Sainsbury’s is preparing to replace use-by dates with best-before dates across its range of own-brand milk products, impacting 44 items.
This transition encompasses all fresh and organic milk available in England, Scotland and Wales, resulting in a considerable shift for more than 730 million pints of milk sold annually.
Research conducted by WRAP (the Waste and Resources Action Programme) indicates that milk ranks as the third most wasted food in the UK, with 490 million pints discarded each year, primarily due to exceeding their use-by dates.
Sainsbury’s decision to adopt best-before dates on its milk products aims to mitigate this issue by allowing customers more time to consume their milk safely.
The transition will be completed by the end of February 2024.
Distinguishing use-by and best-before dates
According to the Food Standards Agency, use-by dates require that on safety grounds, foods should not be consumed beyond their specified date unless they have been frozen before the date is reached.
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But best-before dates relate to food quality, indicating that foods can still be consumed after the specified date.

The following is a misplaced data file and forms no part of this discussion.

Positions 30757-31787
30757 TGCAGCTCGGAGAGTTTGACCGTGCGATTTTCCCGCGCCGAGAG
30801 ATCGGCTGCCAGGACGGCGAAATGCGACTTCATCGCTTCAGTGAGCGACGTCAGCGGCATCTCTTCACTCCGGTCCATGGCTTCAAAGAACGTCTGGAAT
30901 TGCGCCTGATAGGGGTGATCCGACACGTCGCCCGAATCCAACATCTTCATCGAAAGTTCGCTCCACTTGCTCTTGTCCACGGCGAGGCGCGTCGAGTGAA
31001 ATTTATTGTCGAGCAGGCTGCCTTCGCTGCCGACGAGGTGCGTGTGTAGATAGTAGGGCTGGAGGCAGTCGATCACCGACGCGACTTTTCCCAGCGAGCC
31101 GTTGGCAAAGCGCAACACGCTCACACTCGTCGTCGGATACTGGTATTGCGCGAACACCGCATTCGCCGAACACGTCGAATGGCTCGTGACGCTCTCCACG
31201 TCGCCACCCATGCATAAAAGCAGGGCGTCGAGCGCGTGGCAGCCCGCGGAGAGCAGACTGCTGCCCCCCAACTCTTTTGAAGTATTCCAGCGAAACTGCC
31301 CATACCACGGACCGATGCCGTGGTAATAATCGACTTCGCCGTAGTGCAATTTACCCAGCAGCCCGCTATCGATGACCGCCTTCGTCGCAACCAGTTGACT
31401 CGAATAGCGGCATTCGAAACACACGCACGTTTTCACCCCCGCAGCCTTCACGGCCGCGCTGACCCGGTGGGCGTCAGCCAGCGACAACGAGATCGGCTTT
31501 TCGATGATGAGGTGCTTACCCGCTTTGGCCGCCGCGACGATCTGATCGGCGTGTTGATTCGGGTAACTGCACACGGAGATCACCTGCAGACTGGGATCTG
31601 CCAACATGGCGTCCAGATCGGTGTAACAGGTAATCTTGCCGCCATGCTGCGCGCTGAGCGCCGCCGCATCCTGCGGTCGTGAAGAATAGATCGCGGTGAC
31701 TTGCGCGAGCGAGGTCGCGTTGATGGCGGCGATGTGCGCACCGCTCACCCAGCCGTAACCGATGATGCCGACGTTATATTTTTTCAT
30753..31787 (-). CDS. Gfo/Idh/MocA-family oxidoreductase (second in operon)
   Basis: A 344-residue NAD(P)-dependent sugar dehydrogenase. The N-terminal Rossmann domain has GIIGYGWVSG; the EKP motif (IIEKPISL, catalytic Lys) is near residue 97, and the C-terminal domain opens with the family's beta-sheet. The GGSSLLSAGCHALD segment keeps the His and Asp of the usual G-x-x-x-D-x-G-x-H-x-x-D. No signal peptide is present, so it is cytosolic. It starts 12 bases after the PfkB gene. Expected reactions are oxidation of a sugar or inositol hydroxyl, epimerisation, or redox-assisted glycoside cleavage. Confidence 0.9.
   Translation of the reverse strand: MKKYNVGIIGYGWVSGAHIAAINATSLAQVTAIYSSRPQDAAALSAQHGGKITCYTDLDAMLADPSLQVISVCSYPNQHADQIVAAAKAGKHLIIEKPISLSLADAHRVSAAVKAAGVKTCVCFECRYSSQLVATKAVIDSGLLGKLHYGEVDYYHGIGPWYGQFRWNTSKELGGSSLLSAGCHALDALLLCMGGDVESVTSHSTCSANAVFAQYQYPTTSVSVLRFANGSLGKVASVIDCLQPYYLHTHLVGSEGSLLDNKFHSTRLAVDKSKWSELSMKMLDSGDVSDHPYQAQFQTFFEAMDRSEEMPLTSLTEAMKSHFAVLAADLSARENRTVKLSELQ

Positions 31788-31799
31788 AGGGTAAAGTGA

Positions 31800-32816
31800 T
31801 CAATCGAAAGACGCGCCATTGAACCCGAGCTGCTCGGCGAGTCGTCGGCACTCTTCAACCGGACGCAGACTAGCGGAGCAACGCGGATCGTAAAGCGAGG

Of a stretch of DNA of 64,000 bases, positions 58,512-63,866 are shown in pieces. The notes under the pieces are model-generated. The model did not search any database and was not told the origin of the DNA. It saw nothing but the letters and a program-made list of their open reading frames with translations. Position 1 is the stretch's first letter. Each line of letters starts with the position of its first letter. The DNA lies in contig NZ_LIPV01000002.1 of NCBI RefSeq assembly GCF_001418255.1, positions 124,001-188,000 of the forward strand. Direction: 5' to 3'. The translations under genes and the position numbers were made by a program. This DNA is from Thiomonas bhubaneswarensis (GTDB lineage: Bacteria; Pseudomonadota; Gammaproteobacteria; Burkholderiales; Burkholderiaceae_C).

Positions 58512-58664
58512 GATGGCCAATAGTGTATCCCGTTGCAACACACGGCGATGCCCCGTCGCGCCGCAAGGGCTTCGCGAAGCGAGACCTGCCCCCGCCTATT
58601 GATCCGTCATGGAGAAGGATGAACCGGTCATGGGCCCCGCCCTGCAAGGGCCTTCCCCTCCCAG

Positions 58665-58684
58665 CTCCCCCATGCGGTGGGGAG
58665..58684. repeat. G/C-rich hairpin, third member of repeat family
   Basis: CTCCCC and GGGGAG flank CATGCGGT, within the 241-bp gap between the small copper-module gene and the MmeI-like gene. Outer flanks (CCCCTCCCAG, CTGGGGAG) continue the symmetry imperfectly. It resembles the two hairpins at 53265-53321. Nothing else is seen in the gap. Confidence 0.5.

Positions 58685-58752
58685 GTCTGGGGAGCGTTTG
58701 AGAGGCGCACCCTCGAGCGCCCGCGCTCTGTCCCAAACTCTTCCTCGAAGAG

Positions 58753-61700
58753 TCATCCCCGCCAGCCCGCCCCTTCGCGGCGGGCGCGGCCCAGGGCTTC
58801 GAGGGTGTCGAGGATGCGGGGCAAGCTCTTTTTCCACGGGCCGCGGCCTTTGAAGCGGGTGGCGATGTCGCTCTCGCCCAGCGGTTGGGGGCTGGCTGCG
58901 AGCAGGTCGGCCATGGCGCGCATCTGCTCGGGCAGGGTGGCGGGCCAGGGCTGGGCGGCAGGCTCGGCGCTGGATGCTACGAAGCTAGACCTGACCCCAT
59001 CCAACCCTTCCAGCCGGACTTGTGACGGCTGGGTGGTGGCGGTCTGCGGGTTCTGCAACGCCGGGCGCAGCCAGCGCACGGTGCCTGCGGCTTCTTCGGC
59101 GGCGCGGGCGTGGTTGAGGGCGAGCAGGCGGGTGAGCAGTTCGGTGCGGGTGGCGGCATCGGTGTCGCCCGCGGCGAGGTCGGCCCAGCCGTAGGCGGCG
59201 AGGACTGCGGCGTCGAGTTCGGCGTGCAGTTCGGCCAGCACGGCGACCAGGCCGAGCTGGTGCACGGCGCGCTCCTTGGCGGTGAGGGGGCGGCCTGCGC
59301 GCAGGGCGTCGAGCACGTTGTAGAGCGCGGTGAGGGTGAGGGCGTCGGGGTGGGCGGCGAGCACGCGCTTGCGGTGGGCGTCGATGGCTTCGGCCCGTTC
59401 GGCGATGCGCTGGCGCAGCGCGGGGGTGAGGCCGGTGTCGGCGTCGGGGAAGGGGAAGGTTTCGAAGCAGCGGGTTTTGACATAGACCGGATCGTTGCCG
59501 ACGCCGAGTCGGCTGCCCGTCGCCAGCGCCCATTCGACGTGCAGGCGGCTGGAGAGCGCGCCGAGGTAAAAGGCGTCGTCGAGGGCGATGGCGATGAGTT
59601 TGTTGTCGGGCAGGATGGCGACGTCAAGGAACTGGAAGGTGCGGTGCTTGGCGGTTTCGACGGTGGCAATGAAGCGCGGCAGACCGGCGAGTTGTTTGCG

Sainsbury’s will encourage its customers to follow the FSA’s guidance, suggesting they rely on sensory cues, such as smelling the product, to determine whether milk with a best-before date label is still suitable for consumption.
Ruth Cranston, director of corporate responsibility and sustainability at Sainsbury’s, emphasised the company’s commitment to combating food waste, stating: “By switching to best-before dates on our milk, we are empowering customers to make their own decisions on whether their food is good to eat, helping to prevent them from disposing of food too early.”
Enhancing recyclability and sustainability
In addition to the milk labelling change, Sainsbury’s recently completed the rollout of clear caps on its own-brand milk bottles. This move will improve the recyclability of plastic packaging.
As part of the Courtauld Commitment 2030, the supermarket is actively working to assist customers in reducing household food waste.
This transition to best-before dates for milk exemplifies its dedication to this commitment, following previous decisions to adopt best-before dates on yoghurts and removing best-before dates from more than 1,500 products, including fresh produce items.